Have you planned to get a robot lawnmower but are still unsure how they work? That’s interesting because these are real machines that you’ll enjoy having around, especially if you are a busy person but like maintaining your lawn. So, how do robot lawnmowers work? Are they worth it? That is what we shall discuss in this article.
What is a Robot Lawn Mower?
Before we discuss how these bad boys work, it is best if we first find out what they are. So, what exactly is a robot lawnmower? A robot lawn mower cuts the grass on your lawn without being held. Like the common robotic vacuum cleaner, they are advanced and make your work less time-consuming.
These self-driving roving mowers employ cutting-edge technology that keeps your grass mowed regularly with little effort.
How Do Robot Lawn Mowers Work?
a). Chassis and Wheels
Because robotic lawn mowers have a low center of gravity, they can often tackle steep grades without tipping over. The motor’s power operating the wheels may limit cheaper models, but more expensive models can handle slopes of 25 degrees.
Robot lawn mower wheels are engineered to have minimum impact on the grass beneath them. However, because robot lawn mowers are regularly used, the wheels must not create excessive wear or create tracks in the grass that would detract from the appearance of the grass.
Robot lawn mowers’ chassis typically have little ground clearance, and the blades are hidden well beneath the mower, reducing the chance of harm.
Without the tilt and lift sensors onboard activating the automatic stop, it is impossible to access the rotating blades under the chassis, either intentionally or accidentally. Robot lawnmowers are thus the safest solution for cutting your grass.
b). The Cutting System
Manual lawn mowers and robot mowers use quite different cutting technology. Manual lawn mowers are wasteful in energy use and employ high-powered cutting blades to let you cut your lawn swiftly and efficiently.
Image: The robot lady’s blog
Robot lawnmowers have significantly smaller cutting blades and move much slower than manual mowers, cutting a far smaller quantity of grass each minute. A robotic lawnmower has two main cutting systems. These include;
i). A revolving disc with several freely rotating cutting blades. The blades are often very small, similar to razor blades in size. These mowers have a small cutting diameter, but they are the quietest.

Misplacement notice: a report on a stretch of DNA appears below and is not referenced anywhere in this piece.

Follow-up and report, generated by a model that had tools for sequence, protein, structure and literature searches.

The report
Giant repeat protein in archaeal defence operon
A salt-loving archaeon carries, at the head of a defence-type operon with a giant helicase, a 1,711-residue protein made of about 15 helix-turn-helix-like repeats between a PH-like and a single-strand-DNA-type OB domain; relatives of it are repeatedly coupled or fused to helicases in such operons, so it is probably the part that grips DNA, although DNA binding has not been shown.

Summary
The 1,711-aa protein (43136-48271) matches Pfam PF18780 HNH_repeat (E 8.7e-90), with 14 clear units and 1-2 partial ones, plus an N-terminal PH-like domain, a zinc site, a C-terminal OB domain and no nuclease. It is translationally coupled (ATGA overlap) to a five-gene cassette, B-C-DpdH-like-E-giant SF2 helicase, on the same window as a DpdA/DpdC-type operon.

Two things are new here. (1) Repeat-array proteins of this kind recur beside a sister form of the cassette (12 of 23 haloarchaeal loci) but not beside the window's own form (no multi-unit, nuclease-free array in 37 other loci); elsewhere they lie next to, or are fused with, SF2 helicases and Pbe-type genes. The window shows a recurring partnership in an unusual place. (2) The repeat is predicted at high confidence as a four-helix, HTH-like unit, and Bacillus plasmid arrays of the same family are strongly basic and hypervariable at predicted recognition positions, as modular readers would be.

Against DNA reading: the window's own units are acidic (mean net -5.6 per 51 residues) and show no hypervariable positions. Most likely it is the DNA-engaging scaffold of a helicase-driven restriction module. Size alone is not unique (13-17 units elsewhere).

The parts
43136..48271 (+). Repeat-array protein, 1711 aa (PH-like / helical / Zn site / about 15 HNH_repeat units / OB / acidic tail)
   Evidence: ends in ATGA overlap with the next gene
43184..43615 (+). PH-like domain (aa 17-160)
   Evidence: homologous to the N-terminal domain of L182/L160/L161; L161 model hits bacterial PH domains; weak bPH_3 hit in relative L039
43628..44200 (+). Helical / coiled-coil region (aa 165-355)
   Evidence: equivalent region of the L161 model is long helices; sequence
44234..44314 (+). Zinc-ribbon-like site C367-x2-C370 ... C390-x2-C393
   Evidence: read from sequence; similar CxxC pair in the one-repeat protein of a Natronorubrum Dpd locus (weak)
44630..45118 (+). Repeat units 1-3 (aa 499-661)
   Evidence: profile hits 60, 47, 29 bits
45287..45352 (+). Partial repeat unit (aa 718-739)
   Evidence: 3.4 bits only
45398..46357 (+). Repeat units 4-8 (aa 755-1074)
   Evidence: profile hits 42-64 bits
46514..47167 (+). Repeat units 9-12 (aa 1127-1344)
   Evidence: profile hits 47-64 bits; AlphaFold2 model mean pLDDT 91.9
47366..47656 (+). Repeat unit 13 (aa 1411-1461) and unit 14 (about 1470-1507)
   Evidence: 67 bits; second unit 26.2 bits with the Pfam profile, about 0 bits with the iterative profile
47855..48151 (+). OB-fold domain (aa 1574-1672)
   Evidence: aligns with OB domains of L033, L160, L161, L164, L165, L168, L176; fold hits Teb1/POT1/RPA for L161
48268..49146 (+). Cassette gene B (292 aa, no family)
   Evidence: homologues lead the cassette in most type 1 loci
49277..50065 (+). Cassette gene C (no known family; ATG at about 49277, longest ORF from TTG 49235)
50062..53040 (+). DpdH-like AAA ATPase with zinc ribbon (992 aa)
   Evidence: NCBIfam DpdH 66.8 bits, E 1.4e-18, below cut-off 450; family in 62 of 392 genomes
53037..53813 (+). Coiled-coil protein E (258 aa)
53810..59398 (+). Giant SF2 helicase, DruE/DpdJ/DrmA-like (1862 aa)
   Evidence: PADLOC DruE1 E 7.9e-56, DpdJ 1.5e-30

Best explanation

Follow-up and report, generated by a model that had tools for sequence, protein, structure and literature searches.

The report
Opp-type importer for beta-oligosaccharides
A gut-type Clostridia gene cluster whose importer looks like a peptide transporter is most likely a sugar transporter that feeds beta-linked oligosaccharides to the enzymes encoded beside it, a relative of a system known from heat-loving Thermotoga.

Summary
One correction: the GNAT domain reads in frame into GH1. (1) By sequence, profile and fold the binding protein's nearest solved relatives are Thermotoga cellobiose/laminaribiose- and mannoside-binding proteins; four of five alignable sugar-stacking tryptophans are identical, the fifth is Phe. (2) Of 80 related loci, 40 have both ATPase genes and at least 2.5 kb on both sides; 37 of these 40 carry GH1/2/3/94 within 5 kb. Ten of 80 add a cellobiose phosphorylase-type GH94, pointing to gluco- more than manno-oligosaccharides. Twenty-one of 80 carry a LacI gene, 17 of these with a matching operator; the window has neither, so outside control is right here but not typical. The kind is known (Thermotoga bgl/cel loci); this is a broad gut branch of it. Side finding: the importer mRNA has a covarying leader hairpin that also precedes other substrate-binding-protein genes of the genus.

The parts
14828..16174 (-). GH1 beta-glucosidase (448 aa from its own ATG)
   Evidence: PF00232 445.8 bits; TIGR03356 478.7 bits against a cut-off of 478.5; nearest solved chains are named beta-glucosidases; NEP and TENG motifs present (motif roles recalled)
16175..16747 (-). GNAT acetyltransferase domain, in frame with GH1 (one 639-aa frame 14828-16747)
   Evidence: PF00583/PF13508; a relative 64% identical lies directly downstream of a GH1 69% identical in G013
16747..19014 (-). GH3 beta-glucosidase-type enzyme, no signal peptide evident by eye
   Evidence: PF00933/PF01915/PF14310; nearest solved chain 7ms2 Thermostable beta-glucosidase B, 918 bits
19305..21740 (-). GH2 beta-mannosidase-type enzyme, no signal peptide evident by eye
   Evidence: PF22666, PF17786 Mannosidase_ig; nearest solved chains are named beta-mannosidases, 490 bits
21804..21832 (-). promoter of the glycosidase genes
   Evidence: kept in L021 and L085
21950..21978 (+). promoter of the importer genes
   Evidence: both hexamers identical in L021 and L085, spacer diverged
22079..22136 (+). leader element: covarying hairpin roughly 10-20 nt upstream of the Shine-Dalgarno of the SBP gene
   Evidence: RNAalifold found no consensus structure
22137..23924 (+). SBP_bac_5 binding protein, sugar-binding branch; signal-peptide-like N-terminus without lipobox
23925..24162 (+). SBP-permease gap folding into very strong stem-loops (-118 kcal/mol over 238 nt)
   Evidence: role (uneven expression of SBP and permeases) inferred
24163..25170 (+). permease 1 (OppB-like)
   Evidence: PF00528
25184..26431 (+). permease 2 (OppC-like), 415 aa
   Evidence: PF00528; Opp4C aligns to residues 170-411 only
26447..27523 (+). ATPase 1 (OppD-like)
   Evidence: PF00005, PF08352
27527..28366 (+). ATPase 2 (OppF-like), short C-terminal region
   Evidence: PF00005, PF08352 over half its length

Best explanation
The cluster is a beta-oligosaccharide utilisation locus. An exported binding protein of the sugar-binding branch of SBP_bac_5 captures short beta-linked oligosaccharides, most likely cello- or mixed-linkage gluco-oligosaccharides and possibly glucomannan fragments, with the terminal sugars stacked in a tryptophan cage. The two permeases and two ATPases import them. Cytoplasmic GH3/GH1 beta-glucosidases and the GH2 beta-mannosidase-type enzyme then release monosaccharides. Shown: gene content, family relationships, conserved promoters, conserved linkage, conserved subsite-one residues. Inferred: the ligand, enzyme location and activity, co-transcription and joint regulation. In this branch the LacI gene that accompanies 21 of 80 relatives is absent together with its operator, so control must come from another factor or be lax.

ii). Solid cutting blades, used singly or in groups to improve the cutting breadth and thus the rate at which your grass is mowed. The disadvantage is that they are louder and consume more power, necessitating either a bigger battery or a trade-off between battery capacity and working time for the same cutting time.
Robot lawnmowers generally have sharp blades that slice through grass blades. This contrasts with conventional rotary mowers, which knock the tops off the blades. In addition, sharp blades cause significantly less damage to the growing grass and ensure that the grass recovers quickly after being cut.
c). Boundary Detection
Robot mowers currently use a perimeter wire to detect the lawn’s boundary properly. This must be laid along the perimeter of your lawn before using your mower for the first time. It requires 1-2 hours to set up correctly, but it will be invisible as the grass grows over it. Additionally, you can lay the boundary wire down to 20cm underground, and it will remain hidden.
What are the Safety Features of Robotic Lawn Mowers?
If you want to get a robot mower but still wondering whether or not they are safe, this section is for you. A robotic mower is designed with safety features to keep you, your pets and your young ones safe. First, let us go through the safety features of robot mowers.
A soft front bumper and one or more accelerometers attached to the mower’s exterior shell are used by some robotic mowers. When an impact occurs, accelerometers detect impediments, and peaks in the accelerometer readings are used to determine contact.
b). Floating Shell
Some robot mowers use a floating shell encircling the mower chassis that becomes displaced whenever an obstruction is detected. They can also use a Hall Effect sensor that senses shell movement instead of accelerometers.
c). Lift Sensor
Robot mowers are fitted with a lift sensor that activates the emergency stop when wheels lose contact with the ground. This can be due to someone lifting the mower or when the mower gets stuck and tilted.
This feature is especially important for those with curious kids and pets.
d). Tilt Sensors
The tilt sensor works in tandem with the lift sensor to prohibit access to the cutting blades when in use. In addition, the emergency stop is engaged, and the blades stop quickly if the mower is tilted beyond a certain angle.
This is handy when the robot mower’s wheels are in contact with the ground or another object, but the cutting blades are at risk of being exposed.
e). Perimeter Wire
As already discussed above, a perimeter wire keeps your mower working only within the confines of the boundary. Most robot mowers will detect the wire and know the boundary. This prevents them from ruining your flower beds or bumping into other things on the driveway or patio.
f). Child Safety
Robotic mowers are designed with numerous safety features. However, leaving kids with the mower in motion unsupervised is still not advisable. They can still try to reach underneath the mower and get cut by the stationary blades once an emergency stop has been activated.